A Comparison of Outcomes With and Without a Tourniquet in Total Knee Arthroplasty

Ilhan Alcelik, Raymond D. Pollock, Mohammed Sukeik, Josette Bettany-saltikov, Patrick M. Armstrong, Peter Fismer

Research output: Contribution to journalArticlepeer-review


A tourniquet is often used in total knee arthroplasty resulting in improved visualization of structures, reduced intraoperative bleeding and better cementation. The risks include deep vein thrombosis and pulmonary embolism. To quantify the case for or against tourniquet use, we carried out a systematic review and meta-analysis of selected randomized controlled trials. Ten studies were included in the meta-analysis. Of the 8 outcomes analyzed (surgery duration; total, intraoperative, and postoperative blood losses; deep vein thrombosis; pulmonary embolism; and minor/major complications), the total and intraoperative blood losses were less using a tourniquet. Minor complications were more common in the tourniquet group. The remaining outcomes showed no difference between the groups. Using a tourniquet may be beneficial, but long-term studies of outcome are needed.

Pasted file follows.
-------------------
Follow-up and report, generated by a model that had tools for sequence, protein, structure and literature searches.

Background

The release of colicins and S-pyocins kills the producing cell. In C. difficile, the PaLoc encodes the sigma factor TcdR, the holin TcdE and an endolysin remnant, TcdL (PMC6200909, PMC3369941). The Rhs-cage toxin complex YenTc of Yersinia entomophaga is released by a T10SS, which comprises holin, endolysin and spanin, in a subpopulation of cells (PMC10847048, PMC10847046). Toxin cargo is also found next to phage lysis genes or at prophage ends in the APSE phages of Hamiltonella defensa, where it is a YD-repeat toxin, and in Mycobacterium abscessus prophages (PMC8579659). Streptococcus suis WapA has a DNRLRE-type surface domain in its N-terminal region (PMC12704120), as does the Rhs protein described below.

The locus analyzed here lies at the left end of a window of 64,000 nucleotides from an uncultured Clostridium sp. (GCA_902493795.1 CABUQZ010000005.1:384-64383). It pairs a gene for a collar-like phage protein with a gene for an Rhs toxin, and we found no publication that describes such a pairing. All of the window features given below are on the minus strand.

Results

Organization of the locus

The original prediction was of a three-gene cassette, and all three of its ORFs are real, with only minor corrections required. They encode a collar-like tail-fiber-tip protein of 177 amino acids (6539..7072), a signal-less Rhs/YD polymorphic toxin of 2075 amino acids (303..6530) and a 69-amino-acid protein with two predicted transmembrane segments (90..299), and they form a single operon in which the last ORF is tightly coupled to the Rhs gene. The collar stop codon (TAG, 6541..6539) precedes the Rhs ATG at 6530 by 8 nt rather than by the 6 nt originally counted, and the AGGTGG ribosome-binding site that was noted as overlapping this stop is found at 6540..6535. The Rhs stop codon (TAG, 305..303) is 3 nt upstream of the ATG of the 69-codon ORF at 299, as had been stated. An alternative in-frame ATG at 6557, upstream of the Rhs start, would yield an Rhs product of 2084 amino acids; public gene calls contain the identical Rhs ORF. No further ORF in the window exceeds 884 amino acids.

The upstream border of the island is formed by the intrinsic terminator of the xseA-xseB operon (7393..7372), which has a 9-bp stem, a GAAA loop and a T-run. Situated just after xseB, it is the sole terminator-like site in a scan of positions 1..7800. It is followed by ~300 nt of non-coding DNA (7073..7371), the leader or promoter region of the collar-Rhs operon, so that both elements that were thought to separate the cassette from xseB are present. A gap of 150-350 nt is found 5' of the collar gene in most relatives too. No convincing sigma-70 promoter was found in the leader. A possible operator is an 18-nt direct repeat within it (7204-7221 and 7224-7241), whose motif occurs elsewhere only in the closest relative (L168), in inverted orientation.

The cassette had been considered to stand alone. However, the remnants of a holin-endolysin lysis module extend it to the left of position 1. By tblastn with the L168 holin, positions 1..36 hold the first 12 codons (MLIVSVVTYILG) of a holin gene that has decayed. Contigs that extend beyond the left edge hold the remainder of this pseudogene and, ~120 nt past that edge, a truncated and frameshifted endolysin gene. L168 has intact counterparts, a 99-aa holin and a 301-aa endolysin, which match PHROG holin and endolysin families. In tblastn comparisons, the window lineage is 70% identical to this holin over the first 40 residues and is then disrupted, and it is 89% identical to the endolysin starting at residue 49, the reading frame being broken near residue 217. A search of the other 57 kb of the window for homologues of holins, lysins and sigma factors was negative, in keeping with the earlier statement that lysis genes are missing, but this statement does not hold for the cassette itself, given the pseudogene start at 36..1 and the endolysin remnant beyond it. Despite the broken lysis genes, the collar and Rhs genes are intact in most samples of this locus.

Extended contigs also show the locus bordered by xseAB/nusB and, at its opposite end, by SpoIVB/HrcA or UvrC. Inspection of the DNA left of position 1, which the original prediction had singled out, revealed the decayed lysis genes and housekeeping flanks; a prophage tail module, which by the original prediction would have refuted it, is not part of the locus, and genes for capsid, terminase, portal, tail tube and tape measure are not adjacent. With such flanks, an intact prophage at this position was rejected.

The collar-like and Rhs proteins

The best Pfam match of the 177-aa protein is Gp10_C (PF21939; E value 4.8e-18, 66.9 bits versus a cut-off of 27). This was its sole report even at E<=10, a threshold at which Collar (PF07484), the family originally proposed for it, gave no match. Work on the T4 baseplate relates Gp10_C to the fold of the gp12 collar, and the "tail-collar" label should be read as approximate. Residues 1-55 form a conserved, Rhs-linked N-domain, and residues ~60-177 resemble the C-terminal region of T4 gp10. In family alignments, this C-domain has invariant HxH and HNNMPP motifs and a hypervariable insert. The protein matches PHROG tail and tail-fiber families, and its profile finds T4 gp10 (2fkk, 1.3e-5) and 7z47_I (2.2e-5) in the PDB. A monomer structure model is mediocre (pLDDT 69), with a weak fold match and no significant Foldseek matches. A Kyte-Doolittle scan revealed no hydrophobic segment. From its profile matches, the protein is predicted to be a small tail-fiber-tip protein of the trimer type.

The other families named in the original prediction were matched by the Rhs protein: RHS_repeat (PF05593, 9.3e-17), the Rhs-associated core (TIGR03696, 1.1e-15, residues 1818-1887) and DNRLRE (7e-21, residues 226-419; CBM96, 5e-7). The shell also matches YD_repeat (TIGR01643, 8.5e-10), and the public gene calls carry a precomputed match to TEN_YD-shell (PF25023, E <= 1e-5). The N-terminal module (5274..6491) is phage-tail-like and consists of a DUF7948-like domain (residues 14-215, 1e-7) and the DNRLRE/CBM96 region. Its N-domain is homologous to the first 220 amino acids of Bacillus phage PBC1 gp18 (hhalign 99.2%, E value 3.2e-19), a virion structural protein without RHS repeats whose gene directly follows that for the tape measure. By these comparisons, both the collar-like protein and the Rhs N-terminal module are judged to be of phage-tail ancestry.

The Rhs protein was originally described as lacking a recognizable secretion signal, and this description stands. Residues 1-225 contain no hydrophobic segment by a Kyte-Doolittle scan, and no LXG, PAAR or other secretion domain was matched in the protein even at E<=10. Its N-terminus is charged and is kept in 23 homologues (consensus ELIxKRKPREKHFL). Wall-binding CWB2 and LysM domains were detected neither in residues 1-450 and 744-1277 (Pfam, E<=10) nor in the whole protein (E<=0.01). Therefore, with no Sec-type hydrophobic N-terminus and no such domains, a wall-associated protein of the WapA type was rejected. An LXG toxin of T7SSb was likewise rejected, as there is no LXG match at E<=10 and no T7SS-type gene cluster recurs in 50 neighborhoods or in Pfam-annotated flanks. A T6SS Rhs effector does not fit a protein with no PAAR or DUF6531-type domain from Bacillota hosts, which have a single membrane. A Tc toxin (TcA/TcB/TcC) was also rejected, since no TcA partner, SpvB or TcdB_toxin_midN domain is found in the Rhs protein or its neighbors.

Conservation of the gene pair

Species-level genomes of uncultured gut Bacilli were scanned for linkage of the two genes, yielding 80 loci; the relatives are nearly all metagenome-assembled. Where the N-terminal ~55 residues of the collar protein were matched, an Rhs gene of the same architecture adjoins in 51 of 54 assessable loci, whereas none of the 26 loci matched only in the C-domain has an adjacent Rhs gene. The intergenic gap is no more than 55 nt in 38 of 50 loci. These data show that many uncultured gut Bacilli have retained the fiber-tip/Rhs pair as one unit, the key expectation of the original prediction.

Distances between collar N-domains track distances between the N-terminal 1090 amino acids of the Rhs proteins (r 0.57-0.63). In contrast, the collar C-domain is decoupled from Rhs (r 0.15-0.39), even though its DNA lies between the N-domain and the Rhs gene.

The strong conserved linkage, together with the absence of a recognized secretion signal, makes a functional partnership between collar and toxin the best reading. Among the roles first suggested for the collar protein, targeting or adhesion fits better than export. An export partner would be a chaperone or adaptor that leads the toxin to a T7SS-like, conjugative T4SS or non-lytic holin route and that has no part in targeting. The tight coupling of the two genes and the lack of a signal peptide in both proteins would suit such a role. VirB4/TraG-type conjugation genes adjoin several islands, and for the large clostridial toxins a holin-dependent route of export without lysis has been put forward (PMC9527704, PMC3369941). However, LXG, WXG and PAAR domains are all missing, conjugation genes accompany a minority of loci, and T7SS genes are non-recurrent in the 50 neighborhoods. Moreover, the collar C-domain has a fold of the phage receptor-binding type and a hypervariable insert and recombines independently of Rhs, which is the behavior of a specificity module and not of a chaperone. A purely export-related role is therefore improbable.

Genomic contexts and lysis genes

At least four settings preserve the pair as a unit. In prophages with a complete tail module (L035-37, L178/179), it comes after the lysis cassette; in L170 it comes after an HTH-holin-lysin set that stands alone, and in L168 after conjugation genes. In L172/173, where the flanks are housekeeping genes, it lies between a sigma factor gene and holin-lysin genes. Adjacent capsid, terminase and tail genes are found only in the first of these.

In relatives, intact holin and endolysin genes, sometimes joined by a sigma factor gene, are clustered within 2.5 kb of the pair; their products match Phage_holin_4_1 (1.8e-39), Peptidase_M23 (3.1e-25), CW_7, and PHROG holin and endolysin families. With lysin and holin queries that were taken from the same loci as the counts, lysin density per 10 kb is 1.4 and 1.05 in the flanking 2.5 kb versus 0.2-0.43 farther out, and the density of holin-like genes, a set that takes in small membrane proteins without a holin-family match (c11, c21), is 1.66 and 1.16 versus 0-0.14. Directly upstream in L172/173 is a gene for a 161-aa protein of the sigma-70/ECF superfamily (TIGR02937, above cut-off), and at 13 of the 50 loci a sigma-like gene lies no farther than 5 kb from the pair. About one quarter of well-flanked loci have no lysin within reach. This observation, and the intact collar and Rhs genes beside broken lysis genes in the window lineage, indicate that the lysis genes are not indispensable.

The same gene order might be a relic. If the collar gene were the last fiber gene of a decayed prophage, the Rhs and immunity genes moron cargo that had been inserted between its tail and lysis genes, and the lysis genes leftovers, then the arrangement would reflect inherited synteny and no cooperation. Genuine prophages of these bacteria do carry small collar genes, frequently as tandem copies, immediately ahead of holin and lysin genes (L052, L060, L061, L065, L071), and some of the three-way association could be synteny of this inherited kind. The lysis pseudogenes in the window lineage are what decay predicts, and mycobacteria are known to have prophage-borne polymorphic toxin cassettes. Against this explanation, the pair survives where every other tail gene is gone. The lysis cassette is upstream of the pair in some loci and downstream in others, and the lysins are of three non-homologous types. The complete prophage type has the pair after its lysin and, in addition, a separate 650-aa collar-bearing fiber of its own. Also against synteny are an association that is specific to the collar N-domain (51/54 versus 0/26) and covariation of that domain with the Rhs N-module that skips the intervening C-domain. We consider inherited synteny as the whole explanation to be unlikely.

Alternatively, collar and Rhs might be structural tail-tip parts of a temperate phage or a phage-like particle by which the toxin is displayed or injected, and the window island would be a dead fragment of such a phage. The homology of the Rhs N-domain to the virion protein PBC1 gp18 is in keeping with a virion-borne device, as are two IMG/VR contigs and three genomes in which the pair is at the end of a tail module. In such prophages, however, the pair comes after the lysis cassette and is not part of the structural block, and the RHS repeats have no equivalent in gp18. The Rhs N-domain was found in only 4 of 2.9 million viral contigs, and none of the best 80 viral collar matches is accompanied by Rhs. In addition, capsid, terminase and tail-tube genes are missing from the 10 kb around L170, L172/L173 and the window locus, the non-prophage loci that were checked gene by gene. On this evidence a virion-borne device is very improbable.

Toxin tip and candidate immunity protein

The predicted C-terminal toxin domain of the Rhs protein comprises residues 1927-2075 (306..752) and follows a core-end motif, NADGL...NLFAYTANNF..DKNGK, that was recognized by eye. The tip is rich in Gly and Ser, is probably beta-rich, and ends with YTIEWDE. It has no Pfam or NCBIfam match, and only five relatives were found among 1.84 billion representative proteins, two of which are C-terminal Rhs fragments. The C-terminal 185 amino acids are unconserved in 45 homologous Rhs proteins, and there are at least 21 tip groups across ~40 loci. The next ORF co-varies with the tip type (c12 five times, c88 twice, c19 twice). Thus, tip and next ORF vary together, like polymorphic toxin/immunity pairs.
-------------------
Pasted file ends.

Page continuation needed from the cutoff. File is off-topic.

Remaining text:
Original languageEnglish
Pages (from-to)331-340
JournalJournal of Arthroplasty
Issue number3
Publication statusPublished - Mar 2012


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